Services like Advance, Women in Prison and Hibiscus Initiatives allow women to get practical help and feel supported in safe women-only spaces, with keyworker relationships that are based on unconditional positive regard. I saw this first-hand in my research for Advance on the response to mothers involved in offending who are survivors of domestic abuse. The keyworker relationship is best compared to that of a supportive and capable friend or family member, and can be transformative for women, some of whom may never have had such a relationship in their lives before. This can be critical in helping women to build self-esteem, find hope, and engage with other services such as housing, healthcare and children’s social care; it can also help by encouraging women to share important information about their circumstances – such as whether they have dependent children, and whether they are experiencing domestic abuse – all of which should be taken into account in decisions on prosecution, bail and sentencing.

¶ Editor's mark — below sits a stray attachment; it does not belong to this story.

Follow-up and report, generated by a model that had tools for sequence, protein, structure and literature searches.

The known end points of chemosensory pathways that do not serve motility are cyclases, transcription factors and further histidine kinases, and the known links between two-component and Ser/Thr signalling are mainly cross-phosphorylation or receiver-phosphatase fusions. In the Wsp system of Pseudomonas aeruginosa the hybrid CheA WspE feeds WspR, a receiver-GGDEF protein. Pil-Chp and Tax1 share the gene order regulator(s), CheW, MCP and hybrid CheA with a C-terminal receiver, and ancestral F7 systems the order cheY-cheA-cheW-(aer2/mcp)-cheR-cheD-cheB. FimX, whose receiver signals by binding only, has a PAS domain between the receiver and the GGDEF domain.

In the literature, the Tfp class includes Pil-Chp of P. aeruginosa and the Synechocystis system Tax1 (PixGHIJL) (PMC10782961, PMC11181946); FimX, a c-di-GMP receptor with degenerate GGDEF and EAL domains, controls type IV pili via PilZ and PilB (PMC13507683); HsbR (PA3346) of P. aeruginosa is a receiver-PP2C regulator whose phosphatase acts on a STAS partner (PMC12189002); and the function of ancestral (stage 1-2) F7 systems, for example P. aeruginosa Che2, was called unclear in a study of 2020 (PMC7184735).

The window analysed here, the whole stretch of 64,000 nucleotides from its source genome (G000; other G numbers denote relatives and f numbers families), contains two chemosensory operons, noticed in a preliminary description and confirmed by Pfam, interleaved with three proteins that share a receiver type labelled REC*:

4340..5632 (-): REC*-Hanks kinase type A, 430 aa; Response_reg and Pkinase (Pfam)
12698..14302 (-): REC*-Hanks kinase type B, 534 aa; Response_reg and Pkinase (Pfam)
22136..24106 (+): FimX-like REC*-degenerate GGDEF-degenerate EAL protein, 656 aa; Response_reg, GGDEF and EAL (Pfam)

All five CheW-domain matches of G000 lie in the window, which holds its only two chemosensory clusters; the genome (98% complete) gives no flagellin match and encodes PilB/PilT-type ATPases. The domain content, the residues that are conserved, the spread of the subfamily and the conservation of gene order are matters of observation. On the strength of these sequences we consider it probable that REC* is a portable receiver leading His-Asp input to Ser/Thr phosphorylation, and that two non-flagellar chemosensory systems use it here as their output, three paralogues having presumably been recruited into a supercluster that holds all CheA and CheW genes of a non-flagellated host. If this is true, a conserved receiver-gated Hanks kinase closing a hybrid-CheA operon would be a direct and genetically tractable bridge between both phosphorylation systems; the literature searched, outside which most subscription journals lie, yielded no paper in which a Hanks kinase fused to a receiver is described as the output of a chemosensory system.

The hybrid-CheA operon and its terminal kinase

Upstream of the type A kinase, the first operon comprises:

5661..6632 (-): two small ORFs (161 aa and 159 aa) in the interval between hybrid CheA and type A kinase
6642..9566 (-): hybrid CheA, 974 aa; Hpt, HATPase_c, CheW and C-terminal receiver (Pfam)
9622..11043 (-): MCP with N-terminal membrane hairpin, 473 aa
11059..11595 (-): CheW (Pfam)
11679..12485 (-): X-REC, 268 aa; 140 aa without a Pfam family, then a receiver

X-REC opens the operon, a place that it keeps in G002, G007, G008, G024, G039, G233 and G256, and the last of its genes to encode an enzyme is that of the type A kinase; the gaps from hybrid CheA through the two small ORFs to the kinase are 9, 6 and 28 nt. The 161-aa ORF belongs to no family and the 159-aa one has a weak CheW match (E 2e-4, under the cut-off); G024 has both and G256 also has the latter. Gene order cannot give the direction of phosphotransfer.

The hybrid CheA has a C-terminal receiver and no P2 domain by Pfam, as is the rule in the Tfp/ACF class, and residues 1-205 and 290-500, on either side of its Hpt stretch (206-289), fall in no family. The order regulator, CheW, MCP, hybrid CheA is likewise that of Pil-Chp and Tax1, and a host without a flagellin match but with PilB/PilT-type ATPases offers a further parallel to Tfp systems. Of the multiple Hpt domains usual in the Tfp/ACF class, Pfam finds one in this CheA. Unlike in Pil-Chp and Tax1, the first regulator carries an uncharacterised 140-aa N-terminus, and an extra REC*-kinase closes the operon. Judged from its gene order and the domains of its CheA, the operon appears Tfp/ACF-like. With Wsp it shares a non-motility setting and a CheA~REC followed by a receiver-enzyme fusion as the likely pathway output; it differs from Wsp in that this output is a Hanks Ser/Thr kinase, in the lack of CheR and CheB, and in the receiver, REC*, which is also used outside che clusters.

We are in the early stages of discussions with HMCTS on developing this model for a possible pilot in London. We are also hoping to be able to establish a Women’s Problem Solving Court, and to pilot the use of Child Impact Assessments (following the model developed by Sarah Beresford with Merseyside Women’s Services Alliance) to ensure a specific focus on children’s interests when their mothers are sentenced.